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Chemical Safety Board (CSB)

Watchdogs Say US Chemical Safety Board Is "Flying Blind"

By Mike Ludwig - Truthout, December 8, 2017

In the early hours of August 31, explosions erupted at the Arkema chemical plant in Crosby, Texas, where floodwaters from Hurricane Harvey had cut off the power supply to refrigerated containers containing organic peroxide. Residences in a 1.5-mile radius had been evacuated, and deputies manning barricades began falling ill in the middle of the road one by one. Medics were called, but no further warning was given as columns of black smoke filled the air.

Arkema knew the fires were coming -- organic peroxides burst into flames unless they are kept cool -- but company officials had insisted in a press conference prior to the explosions that the chemicals were not toxic or harmful to people, according to a lawsuit filed in September by emergency workers injured at the scene.

The lawsuit describes the scene near the plant as "nothing less than chaos," with police officers doubled over vomiting and medics gasping for air on their way to assist them. At least 15 people were hospitalized. Arkema initially told authorities the victims had inhaled a "non-toxic irritant," but residues obtained from nearby residences tested positive for dangerous toxins, such as dioxins and heavy metals, according to a separate lawsuit filed by people living nearby.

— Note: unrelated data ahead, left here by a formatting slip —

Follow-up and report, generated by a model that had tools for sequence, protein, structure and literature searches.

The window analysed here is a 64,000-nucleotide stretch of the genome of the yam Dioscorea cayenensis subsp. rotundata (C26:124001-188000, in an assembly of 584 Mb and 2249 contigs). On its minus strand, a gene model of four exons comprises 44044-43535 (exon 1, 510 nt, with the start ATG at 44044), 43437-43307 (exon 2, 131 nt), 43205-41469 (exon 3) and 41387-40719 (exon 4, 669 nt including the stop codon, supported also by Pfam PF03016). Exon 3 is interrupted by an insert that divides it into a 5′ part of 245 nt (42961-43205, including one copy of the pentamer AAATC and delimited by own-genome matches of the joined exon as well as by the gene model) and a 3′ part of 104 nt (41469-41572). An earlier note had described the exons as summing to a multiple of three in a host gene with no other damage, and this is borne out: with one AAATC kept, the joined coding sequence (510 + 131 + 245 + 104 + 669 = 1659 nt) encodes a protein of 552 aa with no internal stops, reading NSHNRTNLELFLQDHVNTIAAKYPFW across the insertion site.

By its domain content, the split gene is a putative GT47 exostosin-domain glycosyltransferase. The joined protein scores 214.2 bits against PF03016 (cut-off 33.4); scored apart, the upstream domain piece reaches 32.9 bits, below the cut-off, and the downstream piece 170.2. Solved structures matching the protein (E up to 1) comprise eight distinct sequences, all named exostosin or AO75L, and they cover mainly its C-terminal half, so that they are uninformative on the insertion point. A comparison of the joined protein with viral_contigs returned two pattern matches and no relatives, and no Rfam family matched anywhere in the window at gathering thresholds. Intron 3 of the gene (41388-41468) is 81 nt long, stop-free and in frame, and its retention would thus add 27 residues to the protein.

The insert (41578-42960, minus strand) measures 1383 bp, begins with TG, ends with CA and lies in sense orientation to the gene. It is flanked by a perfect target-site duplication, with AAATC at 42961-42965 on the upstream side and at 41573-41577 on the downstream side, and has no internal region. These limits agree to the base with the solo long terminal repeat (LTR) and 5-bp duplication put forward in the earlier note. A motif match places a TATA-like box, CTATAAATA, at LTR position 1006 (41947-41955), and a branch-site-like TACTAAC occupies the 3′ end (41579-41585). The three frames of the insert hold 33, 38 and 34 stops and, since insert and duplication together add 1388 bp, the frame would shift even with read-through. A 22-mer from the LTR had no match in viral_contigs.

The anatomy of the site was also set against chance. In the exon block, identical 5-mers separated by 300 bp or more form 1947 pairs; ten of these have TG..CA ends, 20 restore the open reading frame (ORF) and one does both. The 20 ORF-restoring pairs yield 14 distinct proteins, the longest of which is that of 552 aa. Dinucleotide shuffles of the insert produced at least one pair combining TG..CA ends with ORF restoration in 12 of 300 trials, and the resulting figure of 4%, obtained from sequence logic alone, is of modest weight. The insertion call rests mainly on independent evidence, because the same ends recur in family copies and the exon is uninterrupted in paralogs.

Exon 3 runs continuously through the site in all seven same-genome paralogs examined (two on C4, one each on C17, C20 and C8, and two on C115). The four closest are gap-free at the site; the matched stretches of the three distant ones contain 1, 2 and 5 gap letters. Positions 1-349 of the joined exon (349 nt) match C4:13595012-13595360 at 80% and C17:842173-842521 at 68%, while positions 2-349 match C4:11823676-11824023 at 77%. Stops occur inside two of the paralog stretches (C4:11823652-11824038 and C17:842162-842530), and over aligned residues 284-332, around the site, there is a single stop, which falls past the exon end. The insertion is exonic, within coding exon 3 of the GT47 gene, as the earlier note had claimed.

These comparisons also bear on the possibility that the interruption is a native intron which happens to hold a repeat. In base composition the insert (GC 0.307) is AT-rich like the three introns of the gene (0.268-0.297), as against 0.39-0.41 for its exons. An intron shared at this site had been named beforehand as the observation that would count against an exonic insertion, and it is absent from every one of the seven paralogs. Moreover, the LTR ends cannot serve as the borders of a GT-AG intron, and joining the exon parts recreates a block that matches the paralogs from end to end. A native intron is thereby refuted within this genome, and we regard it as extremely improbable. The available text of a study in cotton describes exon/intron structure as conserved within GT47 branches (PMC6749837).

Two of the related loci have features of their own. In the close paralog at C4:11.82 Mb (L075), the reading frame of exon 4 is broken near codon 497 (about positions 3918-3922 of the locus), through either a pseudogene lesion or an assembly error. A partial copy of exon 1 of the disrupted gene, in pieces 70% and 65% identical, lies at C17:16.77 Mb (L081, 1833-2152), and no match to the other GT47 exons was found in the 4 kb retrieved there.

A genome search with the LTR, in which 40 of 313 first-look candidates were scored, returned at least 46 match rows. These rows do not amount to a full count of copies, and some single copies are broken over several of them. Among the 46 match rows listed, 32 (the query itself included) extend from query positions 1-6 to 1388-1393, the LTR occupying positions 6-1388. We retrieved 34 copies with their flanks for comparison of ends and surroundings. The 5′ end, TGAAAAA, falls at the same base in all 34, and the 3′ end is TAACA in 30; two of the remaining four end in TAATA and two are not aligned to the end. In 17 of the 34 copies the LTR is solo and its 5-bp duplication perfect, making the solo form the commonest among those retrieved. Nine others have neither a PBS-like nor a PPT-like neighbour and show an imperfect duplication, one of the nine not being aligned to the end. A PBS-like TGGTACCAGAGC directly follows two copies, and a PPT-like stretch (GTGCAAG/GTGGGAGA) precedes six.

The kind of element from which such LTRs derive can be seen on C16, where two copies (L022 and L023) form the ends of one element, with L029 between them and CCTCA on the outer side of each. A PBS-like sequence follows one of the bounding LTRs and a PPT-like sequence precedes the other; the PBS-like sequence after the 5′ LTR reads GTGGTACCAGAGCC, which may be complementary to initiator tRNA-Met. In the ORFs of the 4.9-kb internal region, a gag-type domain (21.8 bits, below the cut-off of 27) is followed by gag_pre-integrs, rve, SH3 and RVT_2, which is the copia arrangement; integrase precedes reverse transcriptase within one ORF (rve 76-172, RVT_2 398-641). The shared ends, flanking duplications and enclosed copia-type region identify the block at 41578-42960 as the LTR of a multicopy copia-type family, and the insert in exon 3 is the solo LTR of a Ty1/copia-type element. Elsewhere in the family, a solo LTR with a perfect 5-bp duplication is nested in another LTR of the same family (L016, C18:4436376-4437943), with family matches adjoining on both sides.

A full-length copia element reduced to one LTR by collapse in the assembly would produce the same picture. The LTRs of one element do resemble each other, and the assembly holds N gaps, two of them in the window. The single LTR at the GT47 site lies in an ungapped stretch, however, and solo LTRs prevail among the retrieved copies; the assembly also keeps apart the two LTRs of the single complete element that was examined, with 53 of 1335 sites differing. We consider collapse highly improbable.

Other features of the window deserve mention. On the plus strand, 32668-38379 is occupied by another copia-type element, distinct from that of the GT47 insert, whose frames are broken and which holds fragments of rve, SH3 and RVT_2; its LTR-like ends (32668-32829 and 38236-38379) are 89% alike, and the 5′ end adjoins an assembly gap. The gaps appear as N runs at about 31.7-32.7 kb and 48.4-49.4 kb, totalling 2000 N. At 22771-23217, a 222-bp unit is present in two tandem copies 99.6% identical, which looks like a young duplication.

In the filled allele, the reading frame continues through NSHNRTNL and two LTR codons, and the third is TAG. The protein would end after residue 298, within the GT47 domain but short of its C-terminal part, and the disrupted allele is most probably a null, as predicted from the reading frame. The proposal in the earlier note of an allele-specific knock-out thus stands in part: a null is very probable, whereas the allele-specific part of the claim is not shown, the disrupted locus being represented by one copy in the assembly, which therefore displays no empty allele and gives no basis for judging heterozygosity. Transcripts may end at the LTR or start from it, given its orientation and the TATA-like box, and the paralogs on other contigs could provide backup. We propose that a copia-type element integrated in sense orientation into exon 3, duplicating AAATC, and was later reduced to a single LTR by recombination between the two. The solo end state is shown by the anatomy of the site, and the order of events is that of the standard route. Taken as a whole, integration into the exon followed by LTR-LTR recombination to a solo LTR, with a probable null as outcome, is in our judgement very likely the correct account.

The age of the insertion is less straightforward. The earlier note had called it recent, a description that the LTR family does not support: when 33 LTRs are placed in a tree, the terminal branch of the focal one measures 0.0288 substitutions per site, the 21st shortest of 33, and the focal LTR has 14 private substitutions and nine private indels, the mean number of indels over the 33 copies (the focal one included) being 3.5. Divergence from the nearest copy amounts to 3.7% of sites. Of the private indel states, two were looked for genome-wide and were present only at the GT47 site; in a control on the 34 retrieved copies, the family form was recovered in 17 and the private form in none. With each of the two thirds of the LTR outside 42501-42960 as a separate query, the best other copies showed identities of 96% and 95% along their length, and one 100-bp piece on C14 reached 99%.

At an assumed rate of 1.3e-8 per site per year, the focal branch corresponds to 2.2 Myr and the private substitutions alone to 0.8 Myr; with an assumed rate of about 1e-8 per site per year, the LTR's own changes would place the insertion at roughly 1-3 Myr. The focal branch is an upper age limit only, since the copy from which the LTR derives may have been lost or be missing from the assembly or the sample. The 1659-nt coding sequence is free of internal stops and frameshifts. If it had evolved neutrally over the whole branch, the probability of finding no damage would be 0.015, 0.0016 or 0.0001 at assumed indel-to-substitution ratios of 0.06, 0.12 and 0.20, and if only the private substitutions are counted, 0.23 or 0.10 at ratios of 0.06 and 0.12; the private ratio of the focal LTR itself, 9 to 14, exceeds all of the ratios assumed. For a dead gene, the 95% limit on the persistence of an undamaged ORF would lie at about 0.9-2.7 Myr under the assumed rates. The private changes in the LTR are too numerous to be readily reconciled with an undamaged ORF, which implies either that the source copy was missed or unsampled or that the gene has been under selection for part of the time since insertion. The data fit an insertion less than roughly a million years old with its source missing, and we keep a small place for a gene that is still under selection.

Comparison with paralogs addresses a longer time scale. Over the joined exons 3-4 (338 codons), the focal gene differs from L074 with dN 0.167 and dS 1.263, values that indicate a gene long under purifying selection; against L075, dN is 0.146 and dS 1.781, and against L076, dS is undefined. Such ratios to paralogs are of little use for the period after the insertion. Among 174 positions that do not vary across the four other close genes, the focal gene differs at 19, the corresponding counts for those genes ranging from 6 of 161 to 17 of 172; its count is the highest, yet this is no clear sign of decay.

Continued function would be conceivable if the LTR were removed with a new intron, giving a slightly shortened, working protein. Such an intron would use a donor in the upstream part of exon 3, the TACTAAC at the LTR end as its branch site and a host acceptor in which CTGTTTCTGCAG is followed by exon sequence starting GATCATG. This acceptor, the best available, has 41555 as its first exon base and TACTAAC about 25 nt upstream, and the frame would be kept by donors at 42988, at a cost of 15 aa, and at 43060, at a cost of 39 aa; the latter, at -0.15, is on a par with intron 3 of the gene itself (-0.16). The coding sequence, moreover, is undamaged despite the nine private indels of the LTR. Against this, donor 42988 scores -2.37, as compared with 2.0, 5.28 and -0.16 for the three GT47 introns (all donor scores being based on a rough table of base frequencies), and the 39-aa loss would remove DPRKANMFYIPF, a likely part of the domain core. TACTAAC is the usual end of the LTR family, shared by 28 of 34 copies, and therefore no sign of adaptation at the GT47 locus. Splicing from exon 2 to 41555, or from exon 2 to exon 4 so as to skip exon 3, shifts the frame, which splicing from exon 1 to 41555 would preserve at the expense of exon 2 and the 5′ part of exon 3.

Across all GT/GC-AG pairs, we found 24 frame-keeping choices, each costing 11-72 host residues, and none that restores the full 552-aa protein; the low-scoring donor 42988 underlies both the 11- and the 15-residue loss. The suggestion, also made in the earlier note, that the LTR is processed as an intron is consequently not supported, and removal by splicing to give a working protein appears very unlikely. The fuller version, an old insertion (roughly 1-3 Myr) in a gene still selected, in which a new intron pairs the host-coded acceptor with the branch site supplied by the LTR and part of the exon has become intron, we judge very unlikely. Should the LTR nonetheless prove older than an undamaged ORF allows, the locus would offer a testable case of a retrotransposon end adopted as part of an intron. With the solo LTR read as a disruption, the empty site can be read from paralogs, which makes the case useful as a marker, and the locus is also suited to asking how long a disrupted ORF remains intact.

What else is Arkema hiding? For answers to that question, the public is turning to the US Chemical Safety Board, where an investigation of the Arkema incident is ongoing. However, the federal agency has failed to implement a rule requiring chemical plant operators to report dangerous releases during accidents to its investigators. Congress mandated this provision back in 1990.

Had Arkema been required to report the looming chemical fires to the Chemical Safety Board, the government and emergency workers would have had more to go on than the "vague" disclosure offered by the company during the storm, according to Adam Carlesco, a staff attorney at Public Employees for Environmental Responsibility. The watchdog group filed a lawsuit on Thursday challenging the chemical board's inaction on the reporting rule. Other plaintiffs include the Memorial for Workplace Fatalities and two Gulf South environmental groups.

"America's sole industrial safety monitor is currently flying blind and placing the health of the public at risk," Carlesco said.

Big Oil’s Bi-Partisan Helpers: a Refiner’s Fire 5 Years Later

By Steve Early - Counterpunch, August 4, 2017